NJ DEP holds public virtual meeting to address flooding issues in North Bergen & Guttenberg


The NJ Department of Environmental Protection (NJDEP) held a public virtual hearing on sewer overflow improvements affecting North Bergen and Guttenberg this morning.

River Road near the border of North Bergen and Guttenberg. Photo via Google Maps.

By Daniel Ulloa/Hudson County View

NJ DEP Bureau of Surface Water and Pretreatment Permitting Chief Susan Rosenwinkel explained the hearing was regarding the renewal of sewer approvals for North Bergen, North Guttenberg, and Woodcliff since they have a combined sewer system.

The NJDEP is working with North Bergen to improve its infrastructure to handle flooding better and maintain water quality since they have issued permits for the construction of green infrastructure to address the issue.

“This is a non-adversarial meeting. The department is here to listen to testimony, we want to hear from everybody,” she said.

NJDEP Division of Water Quality Bureau of Surface Water and Pretreatment Permitting Chief Joe Mannick said the public comment period ends on February 13th.

He explained they have a combined sewer system designed decades ago for pollution and water control. The current system captures 85 percent of the sewage, despite the fact that 89 percent is required.

Mannick further stated that they’re working on improvements to get to 92 percent capture. To do so, several green infrastructure projects are in the works, including plans to decrease flooding that will be implemented over the next five years.

Mannick noted the permits were issued in December and then posted online.

“I’m excited to get started with the process. We ask that the permits be as specific and prescriptive as possible. In the past, when the guidance was released… there had been some confusion,” Nicole Miller, the co-chair of Newark Doing Infrastructure Green, said.

She also said it took a year to get guidance on past projects after permits were issued in the past and therefore didn’t like the current timeline.

“There was a 10-year timeline to be completed, and the green infrastructure was relegated to the last five years,” she noted.

Johan Andrade, of Bike North Bergen, noted flooding is a significant issue and also lamented a lack of transparency about the process.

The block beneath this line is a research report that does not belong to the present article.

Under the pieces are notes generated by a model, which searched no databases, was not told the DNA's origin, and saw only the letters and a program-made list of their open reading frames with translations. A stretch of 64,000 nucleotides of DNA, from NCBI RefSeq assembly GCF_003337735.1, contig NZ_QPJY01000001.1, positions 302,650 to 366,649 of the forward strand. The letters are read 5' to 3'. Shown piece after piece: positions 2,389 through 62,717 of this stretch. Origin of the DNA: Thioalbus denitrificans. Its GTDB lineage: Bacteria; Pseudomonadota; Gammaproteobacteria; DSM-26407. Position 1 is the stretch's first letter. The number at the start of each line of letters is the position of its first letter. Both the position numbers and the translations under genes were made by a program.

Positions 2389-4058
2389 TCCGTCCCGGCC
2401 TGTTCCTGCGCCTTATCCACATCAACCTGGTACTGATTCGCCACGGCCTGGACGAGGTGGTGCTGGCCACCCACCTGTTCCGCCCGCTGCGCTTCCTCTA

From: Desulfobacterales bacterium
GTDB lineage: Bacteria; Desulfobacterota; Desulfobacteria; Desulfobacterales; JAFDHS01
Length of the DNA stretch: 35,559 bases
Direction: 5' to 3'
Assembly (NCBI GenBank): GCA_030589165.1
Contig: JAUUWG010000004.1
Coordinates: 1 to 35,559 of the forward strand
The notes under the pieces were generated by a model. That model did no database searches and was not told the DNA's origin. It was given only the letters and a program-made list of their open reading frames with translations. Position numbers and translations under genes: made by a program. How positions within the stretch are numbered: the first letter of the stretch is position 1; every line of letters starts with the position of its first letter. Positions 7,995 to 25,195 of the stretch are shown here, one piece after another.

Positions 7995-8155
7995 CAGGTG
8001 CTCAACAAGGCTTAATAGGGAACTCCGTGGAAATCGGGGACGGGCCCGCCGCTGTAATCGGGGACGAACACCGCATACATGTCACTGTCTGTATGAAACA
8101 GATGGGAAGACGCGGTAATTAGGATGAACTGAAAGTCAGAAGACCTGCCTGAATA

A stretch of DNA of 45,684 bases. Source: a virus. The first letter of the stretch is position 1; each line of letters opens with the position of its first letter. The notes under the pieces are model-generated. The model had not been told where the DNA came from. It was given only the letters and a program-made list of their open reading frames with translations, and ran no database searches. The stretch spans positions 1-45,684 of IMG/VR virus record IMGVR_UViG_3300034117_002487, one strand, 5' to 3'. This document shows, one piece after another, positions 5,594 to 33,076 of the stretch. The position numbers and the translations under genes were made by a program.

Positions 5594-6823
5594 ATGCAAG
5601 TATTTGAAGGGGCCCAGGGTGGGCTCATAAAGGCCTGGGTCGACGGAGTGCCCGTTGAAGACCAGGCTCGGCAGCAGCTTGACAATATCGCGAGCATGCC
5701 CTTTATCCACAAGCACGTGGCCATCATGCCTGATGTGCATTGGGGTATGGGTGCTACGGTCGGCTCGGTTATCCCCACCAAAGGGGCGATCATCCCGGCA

“The only way I knew about this meeting was someone reached out to me,” Andrade said.

“How would the NJDEP ensure members of overburdened communities are represented in this process? Can we have the DEP have a requirement that the amount of raw sewerage released be publicly available?” he added.

While others were also opposed, some also spoke in favor.

“NJ Future is largely in support of this project,” Patricia Dunkak, of NJ Future, stated.

She wanted to ensure the infrastructure is well-maintained once complete, which would also help against climate change.

On another note, North Bergen Earth Talks volunteer Stephanie Martinez said the meeting link was inaccessible.

“Hopefully, there are specific and prescriptive guidance as soon as possible because … flooding is getting worse,” she said.

“We’ve had points in the past when North Bergen wasn’t receptive to green infrastructure projects,” noted Hailey Benson, also of North Bergen Earth Talks, who said her basement has flooded on several occasions.

Michele Langa, speaking on behalf of the Hackensack Riverkeeper and the New York/New Jersey Hudson Baykeeper, thanked the DEP for getting the permits out.

Suzanne Aptman, of Sewerage Free Streets and Rivers and NJ Future, wanted to strengthen language and not leave it open to interpretation.

“Will DEP be providing such a guidance?” she asked, adding that she also wanted more meetings to coordinate and increase public engagement and participation.

“Will the permittee be required to do water quality sampling … during wet weather events that generate overflow? How are you going to ensure the permittee is complying with all maintenance projects?” she continued.

Rachel Davis, of Water Spirits, said she has spoken to many people with repetitive trauma caused by flooding.

She exclaimed that this is an example of “environmental racism repetition through purposefully slipshod infrastructure.”

“We must meet the urgency of flooding,” Davis added, indicating that the implementation should go quicker than the outlined timeline.

“We really don’t have the time. The data is clear, the state is suing Exxon,” Davis noted.

Utility and Transportation Contractors Association Senior Director Dan Kennedy was another attendee who spoke in favor of the effort.

“We stand to support this permit. We’re encouraged to see a detailed schedule, we have got a tremendous asset in the State of New Jersey in the infrastructure bank,” he said.

He also pointed out that his organization is aiming to ensure projects going through the Infrastructure Bank are completed quickly.

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